Can we not just give UUK the benefit of the doubt, with the threat of restarting strike action if things go badly for us?
Unfortunately, accepting the offer in the ballot will lead to an agreement on that offer (given one cannot negotiate to change an offer the members have already accepted). Once embroiled in a potentially long process, with starts, stops, and exhausting news flows as an IEP panel is set up, whilst in parallel UUK seeks to reduce our pensions deal using the clauses mentioned above, we will see members of the union both demoralised and potentially confused. Of huge importance is that this deal places the timelines firmly in the control of UUK, and so permits them to use those to time us out by, say, releasing decisions in spaced-out dribs and drabs (“death by a thousand cuts”) or at points when generating effective strike action is difficult. If the deal makes this possible, by agreeing to it we will have reduced our means to block any of its potential adverse effects.

Our employers are highly motivated by the aim of investing in capital projects and expansion as they chase student numbers, they have a powerful interest in not seeing things from our point of view. Relying on their good will without leverage would not be wise, as important lessons from the junior doctors’ dispute warn us. The employers are also currently weak, terrified by exams disruptions and international reputational damage (especially in relation to lucrative international student pools). We can and should press our advantage at this point, to secure clear terms and guarantees relating to our pension benefits, rather than handing them back the advantage.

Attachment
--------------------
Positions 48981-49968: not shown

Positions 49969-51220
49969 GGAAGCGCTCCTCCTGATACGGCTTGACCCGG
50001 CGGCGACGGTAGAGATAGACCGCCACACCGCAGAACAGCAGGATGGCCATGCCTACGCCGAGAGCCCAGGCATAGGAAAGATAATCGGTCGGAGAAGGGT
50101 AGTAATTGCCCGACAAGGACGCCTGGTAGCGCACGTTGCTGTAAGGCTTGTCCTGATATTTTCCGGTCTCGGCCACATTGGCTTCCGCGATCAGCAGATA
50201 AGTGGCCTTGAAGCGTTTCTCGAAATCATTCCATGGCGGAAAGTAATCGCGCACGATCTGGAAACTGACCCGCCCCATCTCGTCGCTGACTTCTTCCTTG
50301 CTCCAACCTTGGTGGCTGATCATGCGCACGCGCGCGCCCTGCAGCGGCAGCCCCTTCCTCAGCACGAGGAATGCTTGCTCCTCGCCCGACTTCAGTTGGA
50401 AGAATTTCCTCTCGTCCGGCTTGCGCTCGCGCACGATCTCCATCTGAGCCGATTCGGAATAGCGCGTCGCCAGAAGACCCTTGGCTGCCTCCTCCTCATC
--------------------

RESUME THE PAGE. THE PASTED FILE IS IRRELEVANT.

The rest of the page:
Addressing some responses to the ‘Reject!’ position
One response is that it is unclear what continuing industrial action (ASOS; Strikes in Exam Period; Strikes aimed at the beginning of term I) can aim to achieve. The position of the UCL branch of UCU is that we should be fighting for the status quo on our pensions. However, even if one does not hold that position, there are other bottom lines that could be secured that are not as sacrificial of our pensions as the options this deal has the potential of permitting. As Sam Marsh, a UCU official and key expert on the USS crisis, has pointed out a bottom line from which to start this process (not necessarily where to end it) would be an increase in employer contributions to secure a close to status quo pension provision for 3 years (one cycle of the valuation). Some commentators have argued that asking for the moon will get you nothing, or that the “perfect is the enemy of the good”. However, giving up the most crucial concrete demands on our pensions provision in exchange for dangerous ambiguity is not “the good”, it is potentially a path to losing any guarantee that we can retire with dignity.